The other thing that I think is interesting is when you say, there were three things that you mentioned in the read-through, year-round water park, built vertically, and terrace platforms. So, it's like, basically they've taken a steep slope and turned it into a water park. That in and of itself is going to get some press, it's going to get notoriety, and one of the things that I've noticed of attractions just in general, more and more attractions, and I think this is especially true outside of the United States, but more and more attractions are getting attention just because they're unique architectural structures, and like really unique architectural structures. There are places that are just really cool bridges that people go to, really cool observation points that have water flowing from them that are really popular on social media and they get all kinds of social media buzz. So, this sounds like it's kind of falling into that same category, and then adding a layer on top of it, which is a year-round water park. Which, again, hopefully, they'll be able to quickly train their audience, and it sounds like, once Hong Kong is open again, will be relying heavily on tourism. So, it sounds like a good move. I think we need to keep our eye on this because we've kind of been ushering this through since the shutdown of this area, and now that it's being redeveloped, hopefully, it will have a very happy ending. I think that's really cool.

Philip: I do want to underscore something that you brought up, which is the unique landscape. That's another reason I think that this is so smart. I think they're noticing, definitely, that trend of people liking nature and liking just unique experiences, architecturally unique experiences, and building that into it. Also, I think it's a takeaway for us and for the listeners. The part about this not being possible until recently, I mean, of course, yeah, building something on a steep cliff like that, where pieces of the granite just erode, that's crazy and it would have been impossible just not that long ago. So, I think it's also a reminder to us and other attractions listening that technology has advanced, so if our parks are 30, 40, 50 years old and there was stuff that we couldn't do 30 years ago, we might be able to do it now.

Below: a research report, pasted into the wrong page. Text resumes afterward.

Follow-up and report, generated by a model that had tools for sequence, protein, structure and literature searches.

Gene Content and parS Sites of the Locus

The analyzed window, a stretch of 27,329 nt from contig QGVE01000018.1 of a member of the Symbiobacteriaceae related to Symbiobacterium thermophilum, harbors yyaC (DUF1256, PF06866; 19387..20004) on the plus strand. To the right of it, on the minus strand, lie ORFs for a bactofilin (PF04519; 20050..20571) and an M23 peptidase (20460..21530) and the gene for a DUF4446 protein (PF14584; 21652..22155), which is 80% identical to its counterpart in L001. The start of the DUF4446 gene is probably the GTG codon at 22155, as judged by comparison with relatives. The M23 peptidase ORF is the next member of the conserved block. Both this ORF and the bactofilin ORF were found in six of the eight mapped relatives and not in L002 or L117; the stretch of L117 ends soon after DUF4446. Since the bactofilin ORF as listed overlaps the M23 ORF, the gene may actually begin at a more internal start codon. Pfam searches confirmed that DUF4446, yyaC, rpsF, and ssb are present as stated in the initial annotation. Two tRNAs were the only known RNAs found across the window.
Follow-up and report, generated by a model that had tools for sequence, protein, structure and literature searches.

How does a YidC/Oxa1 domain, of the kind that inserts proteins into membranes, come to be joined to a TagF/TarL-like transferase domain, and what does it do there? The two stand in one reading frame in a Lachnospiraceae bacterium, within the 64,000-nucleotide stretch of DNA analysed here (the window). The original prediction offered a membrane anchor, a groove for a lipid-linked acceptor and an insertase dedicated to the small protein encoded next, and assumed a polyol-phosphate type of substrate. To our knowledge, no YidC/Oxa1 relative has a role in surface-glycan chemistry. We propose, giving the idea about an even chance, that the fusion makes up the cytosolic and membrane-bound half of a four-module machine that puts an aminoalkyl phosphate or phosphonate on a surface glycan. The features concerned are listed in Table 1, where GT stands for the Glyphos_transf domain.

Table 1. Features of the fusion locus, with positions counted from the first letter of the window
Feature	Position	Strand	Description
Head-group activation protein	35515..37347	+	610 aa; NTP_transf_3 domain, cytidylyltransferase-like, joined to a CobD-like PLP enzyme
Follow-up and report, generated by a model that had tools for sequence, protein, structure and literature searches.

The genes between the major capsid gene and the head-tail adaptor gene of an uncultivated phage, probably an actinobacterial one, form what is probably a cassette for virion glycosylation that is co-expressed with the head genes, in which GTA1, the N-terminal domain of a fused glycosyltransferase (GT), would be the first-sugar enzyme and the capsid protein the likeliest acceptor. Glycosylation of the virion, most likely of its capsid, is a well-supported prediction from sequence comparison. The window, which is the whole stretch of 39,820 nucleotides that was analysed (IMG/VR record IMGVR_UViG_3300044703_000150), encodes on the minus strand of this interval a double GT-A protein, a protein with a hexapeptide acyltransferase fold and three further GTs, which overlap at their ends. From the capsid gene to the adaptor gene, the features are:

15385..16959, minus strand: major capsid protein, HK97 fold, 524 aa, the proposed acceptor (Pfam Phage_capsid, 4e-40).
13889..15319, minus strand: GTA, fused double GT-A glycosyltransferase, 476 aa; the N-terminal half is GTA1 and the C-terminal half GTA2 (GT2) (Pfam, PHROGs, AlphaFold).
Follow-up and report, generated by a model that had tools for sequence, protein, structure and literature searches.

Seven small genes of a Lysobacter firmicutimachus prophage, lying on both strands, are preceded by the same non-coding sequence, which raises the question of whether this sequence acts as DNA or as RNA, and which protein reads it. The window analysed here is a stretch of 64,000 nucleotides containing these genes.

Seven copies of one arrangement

Scott: Yeah, I've always been with the ilk, never use the excuse, "well, we tried it before, and it didn't work." Because that excuse, especially now, because technology is growing and changing ever, ever so quickly. If you've got a good idea, sometimes it's OK to sit on it for a while. So, if you're looking for what's next and what's new, go back to what you didn't do before and see if the situation has changed. That may be a real strong benefit, especially to parks who have a lot of creativity, but not a lot of capital, or don't have the ability to do a lot of capital investment. Go back to some of your old ideas, because now they may be affordable, or they may be possible.

Philip: I don't know, it doesn't really fit into the things that are possible, well maybe it does.

Scott: Alright, I'll take this, I'll make this transition for you Philip.

Philip: OK, do it.

Scott: So, this kind of ties us back to licensing and what is now possible. If someone had said to you, "we're going to build a roller coaster that is themed on candy." Somebody would say to you, "you're going to what? That's the IP?" And of course, if you're going to do this where would you do it? Hershey Park, makes total sense. So, Hershey Park is going to be debuting two new rides, and here it says: "members of the media and special guests got a sneak peek of the two new attractions opening at Hershey Park in Pennsylvania on Saturday. The Jolly Rancher Remix Roller Coaster is a reimagined version of the park's Sidewinder ride, featuring new elements, while the new mixed flavor by Jolly Rancher will have arms that lift and drop riders while spinning backwards and forwards."